Here is some more reading material on the proper way to implement good names in clean code:

Naming Conventions

Rename Method

More to come on clean code! Stay tuned.


This past week I have been developing a command-line todo app. This app is one of my first forays in using Test Driven Development in a “production” environment. Before any commands go into the command line, I set out to write a decent suite of tests that will dictate where my application would go and what it would ultimately be capable of. This new way of developing is a difficult change of pace, but I am learning to love it. In my previous jobs, there has always been a multi-step process for how to accomplish a task, with little deviation. Since getting into programming, I have felt like there is rarely an exact step-by-step process for anything and it has felt overwhelming at times. The TDD approach brings back a bit of that feeling of step-by-step processes. Instead of feeling like I need to develop this huge, nebulous project, I am only having to deal with bite-sized functions that have 1 purpose. A much less anxiety-inducing task.

While this has been a great revelation, it hasn’t all been rainbows and butterflies. I tried to get creative with my tests and decided to test whether the returning message in the console had color. Adding color to the node console doesn’t come built-in, so I added the chalk package to my project. The test started as follows:

test(“should return a colorful message”, () => {})

So how do I test this? What a great question. This was where I was introduced to using mocks. I have heard of mocks before but in my limited testing experience, I’ve never really taken the time to determine how they work and the processes underlying them. Mocks are fake objects that are created in tests to simulate the actions of real objects or modules. They are also referred to as “test doubles”. Once the mocks are properly set up, they can be inserted into tests and the test runner will assume that whatever is mocked will act properly.

In the example above, I decided to use the chalk package to add a little color to my application. I use this package by calling the chalk object, the color method I want to display, and inside that method, I will put the text that I want to color. It looks like the following:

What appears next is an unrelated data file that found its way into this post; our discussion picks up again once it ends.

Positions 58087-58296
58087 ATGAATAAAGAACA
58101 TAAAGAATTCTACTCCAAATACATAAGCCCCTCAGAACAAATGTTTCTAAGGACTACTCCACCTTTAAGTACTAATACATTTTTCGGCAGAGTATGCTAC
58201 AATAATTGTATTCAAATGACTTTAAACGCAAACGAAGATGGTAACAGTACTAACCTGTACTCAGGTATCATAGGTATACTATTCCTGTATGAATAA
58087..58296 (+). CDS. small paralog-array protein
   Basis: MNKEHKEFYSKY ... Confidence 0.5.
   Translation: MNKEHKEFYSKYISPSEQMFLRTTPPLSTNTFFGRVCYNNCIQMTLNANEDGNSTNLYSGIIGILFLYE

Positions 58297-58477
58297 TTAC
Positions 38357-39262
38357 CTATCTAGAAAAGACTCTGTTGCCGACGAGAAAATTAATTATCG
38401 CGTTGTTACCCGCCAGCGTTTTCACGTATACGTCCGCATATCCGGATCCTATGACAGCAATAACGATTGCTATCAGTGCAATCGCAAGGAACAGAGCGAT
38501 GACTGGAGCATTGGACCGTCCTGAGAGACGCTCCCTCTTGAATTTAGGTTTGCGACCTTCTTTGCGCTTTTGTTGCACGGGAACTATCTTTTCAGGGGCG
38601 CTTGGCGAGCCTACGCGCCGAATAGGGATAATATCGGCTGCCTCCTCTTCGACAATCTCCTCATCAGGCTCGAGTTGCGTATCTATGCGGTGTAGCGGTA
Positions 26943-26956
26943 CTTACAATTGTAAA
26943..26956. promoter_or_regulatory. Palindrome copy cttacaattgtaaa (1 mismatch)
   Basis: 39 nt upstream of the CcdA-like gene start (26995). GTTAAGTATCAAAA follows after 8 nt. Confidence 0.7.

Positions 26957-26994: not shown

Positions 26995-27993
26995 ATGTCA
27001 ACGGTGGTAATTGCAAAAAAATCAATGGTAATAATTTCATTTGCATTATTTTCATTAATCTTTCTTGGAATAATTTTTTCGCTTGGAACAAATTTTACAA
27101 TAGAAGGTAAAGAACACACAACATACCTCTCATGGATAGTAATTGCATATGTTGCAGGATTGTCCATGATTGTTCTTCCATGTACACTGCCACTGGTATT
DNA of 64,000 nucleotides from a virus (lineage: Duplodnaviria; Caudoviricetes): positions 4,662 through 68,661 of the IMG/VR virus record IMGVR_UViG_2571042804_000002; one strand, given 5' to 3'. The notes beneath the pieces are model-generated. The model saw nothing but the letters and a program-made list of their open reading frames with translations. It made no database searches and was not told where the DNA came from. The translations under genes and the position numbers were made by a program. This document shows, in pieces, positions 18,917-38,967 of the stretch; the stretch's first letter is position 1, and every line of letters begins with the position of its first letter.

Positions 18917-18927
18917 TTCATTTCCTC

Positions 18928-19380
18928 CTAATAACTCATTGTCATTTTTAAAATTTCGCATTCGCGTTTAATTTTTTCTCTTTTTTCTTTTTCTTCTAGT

function colorTodo(todo) { return }

One concept I had to “work through” was the concept of what I wanted out of this test. Do I want to test the package that I am importing? Or do I want to just see the output that I am expecting to come out of this method? I am just looking for the output. The job of testing outside modules should fall to the developers of those modules and I can assume that these modules will work as intended.

I will go ahead and assume that everything in that module is working correctly and mock that method. So let’s set that up. I am using Jest as my test runner, and I get some great mocking functionality out of the box. Because I am going to be using chalk in my testing file, I will go ahead and require it like I would in other files.

const chalk = require('chalk')

Next, in my test that I set up above, I will mock out the chalk module.

test('should return a colorful message', () => { = jest.fn() })

To me, this line is saying “if you come across in this test, substitute that with a fake function that will work every time.” Now, I should be able to write the rest of my test just like normal:

const chalk = require('chalk') test('should return a colorful message', () => { = jest.fn() const todo = 'This message looks cool!' colorTodo(todo) expect( })

As you can see, the only verification we are doing is verifying that the mocked method was called successfully. Now that we have a (hopefully) failing test, let’s write the code to make it pass. Because we are only testing the chalk method, we shouldn’t try to do anything else. We should only try to call the method once.

const chalk = require(‘chalk’) function colorTodo(todo) { return }

Now your test and output are both green! This example was extremely helpful for me to wrap my mind around mocking and testing in general. On to more testing practice!


Testing. That word brings up 2 very different feelings for me. On one hand, when I open up a project with a nicely fleshed out test suite, I am very excited. I don't have to wonder what works and what doesn't! Fully green tests gives me a greater level of confidence that my fix isn't going to bring the app crashing down when I push to production. What a great feeling!